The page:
More Brown Sugar Substitutes

If you don’t have brown sugar or white sugar, it’s unlikely that you’ll have other less common sugars on hand. But just in case, here are some of the other sugars that are great alternatives to brown sugar.

Coconut Sugar

Coconut sugar is similar in texture and sweetness to brown sugar and can be used in an easy 1-to-1 swap.

Date Sugar

If you like to swap out for healthier alternatives, date sugar is made from ground dehydrated dates. If you have date sugar on hand, you can use this in a 1-to-1 swap.

Muscovado Sugar

Not commonly known, muscovado is an unrefined, raw sugar made from sugar cane with naturally occurring molasses. Since the molasses has not been removed from muscovado sugar, it will have a similar profile to brown sugar, but it is coarser in texture. Use this in a 1-to-1 swap with brown sugar.

Turbinado Sugar

Turbinado sugar like “Sugar In The Raw” is a raw, coarse sugar. It will have a different texture if you’re mixing it into baked goods, but it can be used in an easy 1-to-1 swap for brown sugar.

Brown Sugar Substitute Considerations

Before selecting one of the best brown sugar substitutes listed, there are a few things to consider to make the best choice. You’ll want to consider taste as well as application.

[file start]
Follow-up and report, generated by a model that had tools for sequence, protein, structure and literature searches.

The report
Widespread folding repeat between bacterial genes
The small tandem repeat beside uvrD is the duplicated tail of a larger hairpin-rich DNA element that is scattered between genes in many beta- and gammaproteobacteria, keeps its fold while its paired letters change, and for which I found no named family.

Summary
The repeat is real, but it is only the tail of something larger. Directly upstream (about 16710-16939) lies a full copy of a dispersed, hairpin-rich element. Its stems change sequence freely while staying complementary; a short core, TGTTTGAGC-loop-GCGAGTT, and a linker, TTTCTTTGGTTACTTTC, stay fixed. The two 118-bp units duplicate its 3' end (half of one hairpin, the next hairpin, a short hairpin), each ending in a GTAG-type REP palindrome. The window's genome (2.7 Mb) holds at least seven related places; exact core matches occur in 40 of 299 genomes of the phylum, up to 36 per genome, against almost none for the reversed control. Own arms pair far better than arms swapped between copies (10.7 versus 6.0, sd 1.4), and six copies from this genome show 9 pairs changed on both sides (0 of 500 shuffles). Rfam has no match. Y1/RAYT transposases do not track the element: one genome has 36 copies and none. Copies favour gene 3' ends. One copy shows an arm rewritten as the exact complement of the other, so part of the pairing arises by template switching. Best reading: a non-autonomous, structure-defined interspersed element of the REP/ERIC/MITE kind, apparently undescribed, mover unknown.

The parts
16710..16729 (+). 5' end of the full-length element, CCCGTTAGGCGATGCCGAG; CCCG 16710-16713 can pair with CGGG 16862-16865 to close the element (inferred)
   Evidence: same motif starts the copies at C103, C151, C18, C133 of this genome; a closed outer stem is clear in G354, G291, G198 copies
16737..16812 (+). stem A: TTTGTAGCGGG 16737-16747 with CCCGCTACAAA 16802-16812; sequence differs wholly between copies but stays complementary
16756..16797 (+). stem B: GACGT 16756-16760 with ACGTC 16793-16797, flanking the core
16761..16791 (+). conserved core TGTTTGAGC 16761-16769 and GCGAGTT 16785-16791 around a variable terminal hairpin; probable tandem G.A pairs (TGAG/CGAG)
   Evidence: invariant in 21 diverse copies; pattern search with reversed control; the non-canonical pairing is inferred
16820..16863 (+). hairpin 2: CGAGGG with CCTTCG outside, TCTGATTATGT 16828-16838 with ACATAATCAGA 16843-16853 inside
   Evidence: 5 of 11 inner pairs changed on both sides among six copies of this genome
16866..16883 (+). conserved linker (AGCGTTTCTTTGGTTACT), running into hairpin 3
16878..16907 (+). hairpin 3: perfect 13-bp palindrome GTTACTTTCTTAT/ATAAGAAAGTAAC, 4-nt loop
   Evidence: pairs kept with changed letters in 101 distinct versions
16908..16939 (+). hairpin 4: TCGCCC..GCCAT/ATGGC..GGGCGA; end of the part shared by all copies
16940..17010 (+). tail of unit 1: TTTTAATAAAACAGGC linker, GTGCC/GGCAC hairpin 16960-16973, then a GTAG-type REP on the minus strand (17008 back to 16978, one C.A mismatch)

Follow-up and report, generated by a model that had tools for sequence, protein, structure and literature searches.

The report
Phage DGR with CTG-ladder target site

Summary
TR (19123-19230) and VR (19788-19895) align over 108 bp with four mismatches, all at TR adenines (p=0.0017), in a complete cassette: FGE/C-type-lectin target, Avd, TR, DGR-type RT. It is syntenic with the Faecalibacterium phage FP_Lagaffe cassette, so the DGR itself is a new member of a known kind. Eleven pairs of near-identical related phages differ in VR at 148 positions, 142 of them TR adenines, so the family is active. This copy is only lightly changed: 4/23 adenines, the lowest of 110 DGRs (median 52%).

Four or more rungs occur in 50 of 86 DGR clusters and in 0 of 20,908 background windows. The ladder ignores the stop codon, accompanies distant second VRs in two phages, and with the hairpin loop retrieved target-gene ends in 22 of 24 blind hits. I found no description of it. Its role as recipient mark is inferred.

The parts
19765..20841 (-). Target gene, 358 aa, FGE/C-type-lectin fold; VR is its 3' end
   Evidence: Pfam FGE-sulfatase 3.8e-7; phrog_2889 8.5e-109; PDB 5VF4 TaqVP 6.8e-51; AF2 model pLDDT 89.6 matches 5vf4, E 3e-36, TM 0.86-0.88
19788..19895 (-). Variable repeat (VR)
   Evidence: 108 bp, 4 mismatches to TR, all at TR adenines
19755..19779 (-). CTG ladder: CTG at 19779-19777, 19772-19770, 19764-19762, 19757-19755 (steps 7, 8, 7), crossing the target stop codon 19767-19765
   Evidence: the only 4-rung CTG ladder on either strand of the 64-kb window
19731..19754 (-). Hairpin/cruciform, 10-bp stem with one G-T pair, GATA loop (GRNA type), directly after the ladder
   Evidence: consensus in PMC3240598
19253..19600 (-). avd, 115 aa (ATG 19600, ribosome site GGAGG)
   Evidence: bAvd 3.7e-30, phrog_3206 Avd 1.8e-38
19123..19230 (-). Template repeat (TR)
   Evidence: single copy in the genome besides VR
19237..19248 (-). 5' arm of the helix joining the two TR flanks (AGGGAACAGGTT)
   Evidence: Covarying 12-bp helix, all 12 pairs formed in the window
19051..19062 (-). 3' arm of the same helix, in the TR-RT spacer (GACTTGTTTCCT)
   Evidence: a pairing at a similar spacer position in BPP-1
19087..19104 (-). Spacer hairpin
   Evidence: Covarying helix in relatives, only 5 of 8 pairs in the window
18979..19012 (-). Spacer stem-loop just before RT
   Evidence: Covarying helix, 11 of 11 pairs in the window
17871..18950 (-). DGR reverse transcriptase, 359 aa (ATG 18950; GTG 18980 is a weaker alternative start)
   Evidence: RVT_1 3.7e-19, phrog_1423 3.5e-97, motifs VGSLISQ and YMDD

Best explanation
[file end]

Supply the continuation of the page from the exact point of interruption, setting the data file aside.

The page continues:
• Flavor profile – White sugar, and the combination of white sugar with molasses, maple syrup, or honey will have the most similar flavor profile as brown sugar since they are essentially the same thing.
  • Nutritional value – If you want a different sweetener for health considerations, opt for date sugar or coconut sugar.
  • Application – Consider your recipe. If you’re cooking sauces, glazes, and other non-baked goods, any of the liquid substitutes will work. Many baked goods may also work well with the liquid alternatives, but to keep consistent with texture and overall flavor profile, the white sugar combinations will be your best brown sugar substitutes.

Overall, there are several great alternatives to choose from when you don’t have any brown sugar on hand. You can even make your own quickly with a base of white sugar when you’re in a pinch. Experiment with these brown sugar substitutes and see what works best for you.

Dark Brown Sugar vs Light Brown Sugar